A NEW Griffith University research project will use the Gold Coast’s Hinterland to assess the environmental impact on national parks from tourism.
The university was granted $70,000 from the Australian Research Council for the three-year study to investigate how visitors can evolve from potentially harming the environment to becoming actively involved in sustainability.
Head researcher Dave Weaver, says the aim is to create the first ‘ecotoriums’ in the world; a ‘hybrid of ecotourism and auditorium where tourists actually help the park while they’re visiting and are on display like in an auditorium’.
Weaver plans to use Lamington, Springbrook, and Tamborine national parks to survey visitors and locals to find out what kind of activities they would be willing to participate in and under what circumstance.
“There could be opportunity for visitors to be given a shovel and asked to plant a tree, or they could pick up rubbish if they see it when hiking, report trail erosion or poorly behaved visitors,” says Weaver.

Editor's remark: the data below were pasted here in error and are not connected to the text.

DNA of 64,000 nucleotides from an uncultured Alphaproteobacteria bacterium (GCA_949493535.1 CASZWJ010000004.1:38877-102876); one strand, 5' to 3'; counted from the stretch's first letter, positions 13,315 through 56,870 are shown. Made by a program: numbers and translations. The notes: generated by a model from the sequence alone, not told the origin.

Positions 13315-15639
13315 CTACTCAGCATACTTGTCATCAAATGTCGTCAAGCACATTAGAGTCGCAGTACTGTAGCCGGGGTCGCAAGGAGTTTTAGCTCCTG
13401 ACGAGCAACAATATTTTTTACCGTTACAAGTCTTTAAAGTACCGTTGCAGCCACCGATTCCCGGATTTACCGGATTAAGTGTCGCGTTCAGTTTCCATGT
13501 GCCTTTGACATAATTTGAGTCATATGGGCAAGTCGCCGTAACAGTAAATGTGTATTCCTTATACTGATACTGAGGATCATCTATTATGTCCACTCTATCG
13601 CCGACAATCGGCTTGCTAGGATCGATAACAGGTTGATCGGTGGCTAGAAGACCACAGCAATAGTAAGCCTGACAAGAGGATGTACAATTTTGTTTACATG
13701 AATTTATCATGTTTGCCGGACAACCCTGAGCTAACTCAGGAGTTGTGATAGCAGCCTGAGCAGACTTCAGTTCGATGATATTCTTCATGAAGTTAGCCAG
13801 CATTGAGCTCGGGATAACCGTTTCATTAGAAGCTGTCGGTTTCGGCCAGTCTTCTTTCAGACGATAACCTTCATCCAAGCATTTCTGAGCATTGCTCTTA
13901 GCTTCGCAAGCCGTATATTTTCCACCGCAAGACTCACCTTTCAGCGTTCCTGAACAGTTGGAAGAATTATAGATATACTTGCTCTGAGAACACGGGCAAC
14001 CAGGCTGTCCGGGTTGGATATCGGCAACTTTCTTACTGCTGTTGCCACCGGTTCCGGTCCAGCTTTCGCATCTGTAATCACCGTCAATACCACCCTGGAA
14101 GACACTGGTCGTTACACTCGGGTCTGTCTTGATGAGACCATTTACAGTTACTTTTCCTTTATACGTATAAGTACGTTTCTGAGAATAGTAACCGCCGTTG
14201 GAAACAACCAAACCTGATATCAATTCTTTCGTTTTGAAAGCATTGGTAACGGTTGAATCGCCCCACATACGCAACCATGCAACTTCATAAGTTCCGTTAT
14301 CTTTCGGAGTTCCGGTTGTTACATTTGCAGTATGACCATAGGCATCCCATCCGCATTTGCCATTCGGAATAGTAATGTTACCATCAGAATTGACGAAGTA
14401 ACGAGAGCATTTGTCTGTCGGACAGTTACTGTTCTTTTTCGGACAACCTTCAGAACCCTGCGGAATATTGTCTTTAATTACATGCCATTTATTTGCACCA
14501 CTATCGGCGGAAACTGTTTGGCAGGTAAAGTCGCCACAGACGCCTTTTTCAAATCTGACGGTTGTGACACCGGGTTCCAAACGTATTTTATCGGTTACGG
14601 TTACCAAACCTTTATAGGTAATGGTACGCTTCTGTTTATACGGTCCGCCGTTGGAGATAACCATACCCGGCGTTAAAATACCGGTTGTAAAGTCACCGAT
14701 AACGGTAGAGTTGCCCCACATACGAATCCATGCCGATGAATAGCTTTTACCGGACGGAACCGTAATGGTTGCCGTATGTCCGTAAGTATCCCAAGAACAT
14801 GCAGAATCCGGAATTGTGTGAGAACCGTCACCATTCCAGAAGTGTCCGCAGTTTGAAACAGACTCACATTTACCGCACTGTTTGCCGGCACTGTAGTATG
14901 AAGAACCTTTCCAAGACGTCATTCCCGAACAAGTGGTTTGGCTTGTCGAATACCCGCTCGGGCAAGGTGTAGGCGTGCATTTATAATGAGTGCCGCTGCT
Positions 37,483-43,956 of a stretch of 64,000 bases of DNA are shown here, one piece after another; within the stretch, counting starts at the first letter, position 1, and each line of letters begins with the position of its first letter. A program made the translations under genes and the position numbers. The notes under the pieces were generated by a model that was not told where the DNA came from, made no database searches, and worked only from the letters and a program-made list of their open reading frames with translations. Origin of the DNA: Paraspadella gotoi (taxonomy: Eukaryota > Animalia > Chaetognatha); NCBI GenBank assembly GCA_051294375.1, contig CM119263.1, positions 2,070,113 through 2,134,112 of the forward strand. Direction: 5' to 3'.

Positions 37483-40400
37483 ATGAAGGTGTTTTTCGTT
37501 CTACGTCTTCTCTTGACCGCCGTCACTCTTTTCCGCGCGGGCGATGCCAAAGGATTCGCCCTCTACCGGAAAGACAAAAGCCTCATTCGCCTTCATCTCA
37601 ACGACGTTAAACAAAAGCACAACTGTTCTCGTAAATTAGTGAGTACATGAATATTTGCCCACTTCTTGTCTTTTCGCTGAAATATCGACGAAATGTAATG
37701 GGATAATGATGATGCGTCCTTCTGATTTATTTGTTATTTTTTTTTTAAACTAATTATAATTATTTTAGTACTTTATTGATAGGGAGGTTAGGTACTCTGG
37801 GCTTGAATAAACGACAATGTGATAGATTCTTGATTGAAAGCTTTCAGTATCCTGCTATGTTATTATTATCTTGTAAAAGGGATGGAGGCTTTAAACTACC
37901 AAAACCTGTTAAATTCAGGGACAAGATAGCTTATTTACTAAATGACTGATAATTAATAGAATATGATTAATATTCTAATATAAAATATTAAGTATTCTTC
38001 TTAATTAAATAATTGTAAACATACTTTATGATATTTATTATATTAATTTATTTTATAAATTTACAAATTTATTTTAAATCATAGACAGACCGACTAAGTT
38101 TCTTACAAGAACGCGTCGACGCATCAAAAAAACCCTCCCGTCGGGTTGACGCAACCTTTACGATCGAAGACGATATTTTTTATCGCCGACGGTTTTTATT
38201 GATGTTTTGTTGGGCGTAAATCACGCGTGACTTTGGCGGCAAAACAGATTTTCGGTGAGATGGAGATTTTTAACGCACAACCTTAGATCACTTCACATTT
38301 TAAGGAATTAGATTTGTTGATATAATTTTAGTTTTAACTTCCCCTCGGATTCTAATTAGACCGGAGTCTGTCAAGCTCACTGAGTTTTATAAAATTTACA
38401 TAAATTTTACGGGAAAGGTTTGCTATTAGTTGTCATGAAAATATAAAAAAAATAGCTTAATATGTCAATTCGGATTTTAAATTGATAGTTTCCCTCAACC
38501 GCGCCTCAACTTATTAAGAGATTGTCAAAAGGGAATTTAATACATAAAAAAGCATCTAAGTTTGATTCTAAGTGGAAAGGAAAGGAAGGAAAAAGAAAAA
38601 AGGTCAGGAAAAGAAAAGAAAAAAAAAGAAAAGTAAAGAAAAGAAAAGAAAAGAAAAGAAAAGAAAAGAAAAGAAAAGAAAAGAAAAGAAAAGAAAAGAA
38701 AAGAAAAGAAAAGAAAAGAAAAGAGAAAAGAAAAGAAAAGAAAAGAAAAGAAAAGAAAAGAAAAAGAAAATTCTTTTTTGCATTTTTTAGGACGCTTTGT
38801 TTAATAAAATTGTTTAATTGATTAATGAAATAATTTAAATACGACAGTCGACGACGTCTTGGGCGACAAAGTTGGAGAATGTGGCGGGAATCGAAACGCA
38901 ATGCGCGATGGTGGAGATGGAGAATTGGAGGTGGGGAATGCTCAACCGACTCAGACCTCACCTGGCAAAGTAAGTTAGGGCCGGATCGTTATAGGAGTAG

“For other people who may not be able physically to participate, there could be an option for political advocacy, donations or bequests.”
Weaver says the project comes at a time of strong public focus on environmental sustainability and is another opportunity for Australia to become a world leader in the field.
“The next step would then be to set up a prototype ‘ecotorium’ with the idea of mobilising visitors and possibly eventually developing a global network of ecotoriums,” he says.
“From this study, we hope that Australia will emerge as a world leader in tourism-conservation partnerships, realising ecological, social and economic benefits from thriving rainforests.”
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